They will feel bad about their parenting since they feel like they don’t “love” one of their kids as much as the others. Then this guilt will cripple them from being able to effectively discipline that child. Since they know that they aren’t as naturally affectionate towards one kid, they will compensate by taking it easy on that kid when discipline is needed. The result here is disastrous. A child, who was already suffering from some quirks that made him or her less easy to love, is now robbed of the kind of loving discipline that would have helped to fix many of these quirks. That child gets the double curse of feeling neglected by the parents in the realm of affection and spoiled at the same time in the realm of discipline. The other kids also see this and feel the inequality. But because they don’t have the same guilt that the parents had, all they see is one kid who is both more ornery than the rest, and inexplicably never disciplined. The end product is a family where everyone is bitter at everyone else and no one knows why.

In each of these situations, guilt is the culprit that has crippled the parents. And so guilt is the thing that needs to be addressed. The good news is that guilt is easy to deal with. In Ps. 32, after David sat under the weight of his guilt, he turned to God and confessed his sin. “I acknowledge my sin to you,” he prays to God. And once the confession is made and the sin is turned from, the guilt can be gone. In an instant David turns from groaning under the weight of his sin, to charging his readers – “Be glad in the Lord and rejoice, you righteous: And shout for joy, all you upright in heart!” A moment before his heart was heavy with guilt and now his heart is upright with joy. What a change confession of sin can make.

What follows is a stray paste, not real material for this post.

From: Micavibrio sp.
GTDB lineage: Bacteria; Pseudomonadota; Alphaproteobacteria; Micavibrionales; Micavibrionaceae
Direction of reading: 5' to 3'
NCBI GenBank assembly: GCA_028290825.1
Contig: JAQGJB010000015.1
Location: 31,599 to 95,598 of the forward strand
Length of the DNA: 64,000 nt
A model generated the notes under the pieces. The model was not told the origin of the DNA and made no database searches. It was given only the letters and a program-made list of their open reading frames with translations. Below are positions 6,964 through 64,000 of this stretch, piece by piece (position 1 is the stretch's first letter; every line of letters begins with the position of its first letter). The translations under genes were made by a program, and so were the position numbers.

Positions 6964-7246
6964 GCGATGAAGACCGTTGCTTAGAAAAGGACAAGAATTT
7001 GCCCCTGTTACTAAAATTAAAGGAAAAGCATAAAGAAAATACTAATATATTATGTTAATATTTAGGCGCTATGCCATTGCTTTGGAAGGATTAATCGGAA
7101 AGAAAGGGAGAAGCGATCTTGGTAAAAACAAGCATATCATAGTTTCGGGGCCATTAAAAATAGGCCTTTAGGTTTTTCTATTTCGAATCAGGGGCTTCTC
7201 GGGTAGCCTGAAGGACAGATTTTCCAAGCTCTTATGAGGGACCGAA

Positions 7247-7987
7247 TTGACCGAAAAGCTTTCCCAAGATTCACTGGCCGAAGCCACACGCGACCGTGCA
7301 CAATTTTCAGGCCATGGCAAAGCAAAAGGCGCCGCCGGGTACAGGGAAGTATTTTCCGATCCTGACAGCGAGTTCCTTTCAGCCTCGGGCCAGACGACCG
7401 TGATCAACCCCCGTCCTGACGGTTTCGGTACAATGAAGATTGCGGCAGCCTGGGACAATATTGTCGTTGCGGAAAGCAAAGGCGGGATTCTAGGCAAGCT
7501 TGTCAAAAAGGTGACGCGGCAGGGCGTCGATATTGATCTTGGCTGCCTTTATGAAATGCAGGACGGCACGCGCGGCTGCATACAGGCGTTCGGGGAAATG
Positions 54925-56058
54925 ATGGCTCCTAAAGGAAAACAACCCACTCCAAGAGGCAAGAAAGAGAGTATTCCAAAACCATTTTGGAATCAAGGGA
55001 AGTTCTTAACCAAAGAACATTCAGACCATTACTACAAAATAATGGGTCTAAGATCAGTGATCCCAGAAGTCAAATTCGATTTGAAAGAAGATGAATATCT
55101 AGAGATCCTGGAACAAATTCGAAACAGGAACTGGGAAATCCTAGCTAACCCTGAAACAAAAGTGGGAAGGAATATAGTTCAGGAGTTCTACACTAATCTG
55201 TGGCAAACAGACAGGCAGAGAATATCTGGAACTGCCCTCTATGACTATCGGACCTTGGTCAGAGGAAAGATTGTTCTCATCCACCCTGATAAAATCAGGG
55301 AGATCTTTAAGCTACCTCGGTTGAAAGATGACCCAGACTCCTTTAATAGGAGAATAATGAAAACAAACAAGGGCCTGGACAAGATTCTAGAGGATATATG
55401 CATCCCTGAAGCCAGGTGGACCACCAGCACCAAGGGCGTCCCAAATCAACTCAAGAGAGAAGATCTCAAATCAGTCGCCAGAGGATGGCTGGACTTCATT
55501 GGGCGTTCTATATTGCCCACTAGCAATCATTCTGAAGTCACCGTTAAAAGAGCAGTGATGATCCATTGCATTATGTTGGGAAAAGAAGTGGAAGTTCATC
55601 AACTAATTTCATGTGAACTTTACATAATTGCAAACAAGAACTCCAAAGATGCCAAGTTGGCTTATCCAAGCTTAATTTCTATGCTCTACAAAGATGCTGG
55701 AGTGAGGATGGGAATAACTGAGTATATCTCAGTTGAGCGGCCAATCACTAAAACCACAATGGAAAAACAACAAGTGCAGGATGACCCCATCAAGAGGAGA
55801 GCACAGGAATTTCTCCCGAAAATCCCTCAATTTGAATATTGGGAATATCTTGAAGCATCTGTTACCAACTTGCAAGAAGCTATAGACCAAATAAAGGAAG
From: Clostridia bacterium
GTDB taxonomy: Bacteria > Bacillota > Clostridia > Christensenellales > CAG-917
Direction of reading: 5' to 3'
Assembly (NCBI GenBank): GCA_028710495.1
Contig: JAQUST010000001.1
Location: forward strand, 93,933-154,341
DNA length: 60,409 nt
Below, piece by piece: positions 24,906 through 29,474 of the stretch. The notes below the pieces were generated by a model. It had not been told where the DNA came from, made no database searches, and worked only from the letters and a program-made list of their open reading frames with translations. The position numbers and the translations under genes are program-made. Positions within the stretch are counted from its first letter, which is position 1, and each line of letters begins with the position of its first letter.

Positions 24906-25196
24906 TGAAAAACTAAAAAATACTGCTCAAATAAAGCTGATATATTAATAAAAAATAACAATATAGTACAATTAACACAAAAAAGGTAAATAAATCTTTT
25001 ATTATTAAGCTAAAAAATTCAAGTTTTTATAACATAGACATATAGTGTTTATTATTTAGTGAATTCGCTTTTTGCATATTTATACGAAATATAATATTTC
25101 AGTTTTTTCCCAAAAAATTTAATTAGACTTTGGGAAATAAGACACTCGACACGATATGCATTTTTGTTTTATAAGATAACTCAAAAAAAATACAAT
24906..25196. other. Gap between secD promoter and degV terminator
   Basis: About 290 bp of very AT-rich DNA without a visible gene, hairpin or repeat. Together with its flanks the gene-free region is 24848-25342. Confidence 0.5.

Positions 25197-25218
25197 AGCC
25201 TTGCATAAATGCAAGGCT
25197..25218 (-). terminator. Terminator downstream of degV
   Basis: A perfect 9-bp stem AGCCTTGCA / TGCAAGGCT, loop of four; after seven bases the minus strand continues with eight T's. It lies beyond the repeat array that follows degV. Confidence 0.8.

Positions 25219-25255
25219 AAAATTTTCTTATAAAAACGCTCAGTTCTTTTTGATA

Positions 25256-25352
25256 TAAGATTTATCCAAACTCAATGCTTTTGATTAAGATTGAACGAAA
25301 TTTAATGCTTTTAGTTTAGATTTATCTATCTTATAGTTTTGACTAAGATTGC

And that is the cure to all of the situations described above. Guilt can’t be traded away or cancelled out by someone else’s sin. If you lost it at your kids, you can’t cover up your sin by giving your kids a free pass. You can't atone for it. You can only be forgiven for it. So just confess it. And then continue on with disciplining them. You are only disqualified as a parent if you refuse to confess you sin. Once you have dealt with your own anger or frustration, then you are entirely forgiven for your sin and it is time to take care of the kids’ sin. If you have a secret sin that is debilitating you as a parent, you have to turn from that sin, find real forgiveness, and then get back in the saddle – being the mother or father that God has commanded you to be. And if you feel a favoritism or a repulsion concerning one of your kids, asking God to forgive you is the only effective way forward. Then you must treat that son or daughter just like all the others. Proverbs 13:24 says, “He who spares his rod hates his son, but he who loves him disciplines him promptly.” The failure to discipline is the real failure to love, not the initial sensation of repulsion.

All of this is just to remind us that the cross is central to all of life. Without the grace that God has given us in the death, burial, and resurrection of Jesus, we are lost. Good parents are forgiven parents.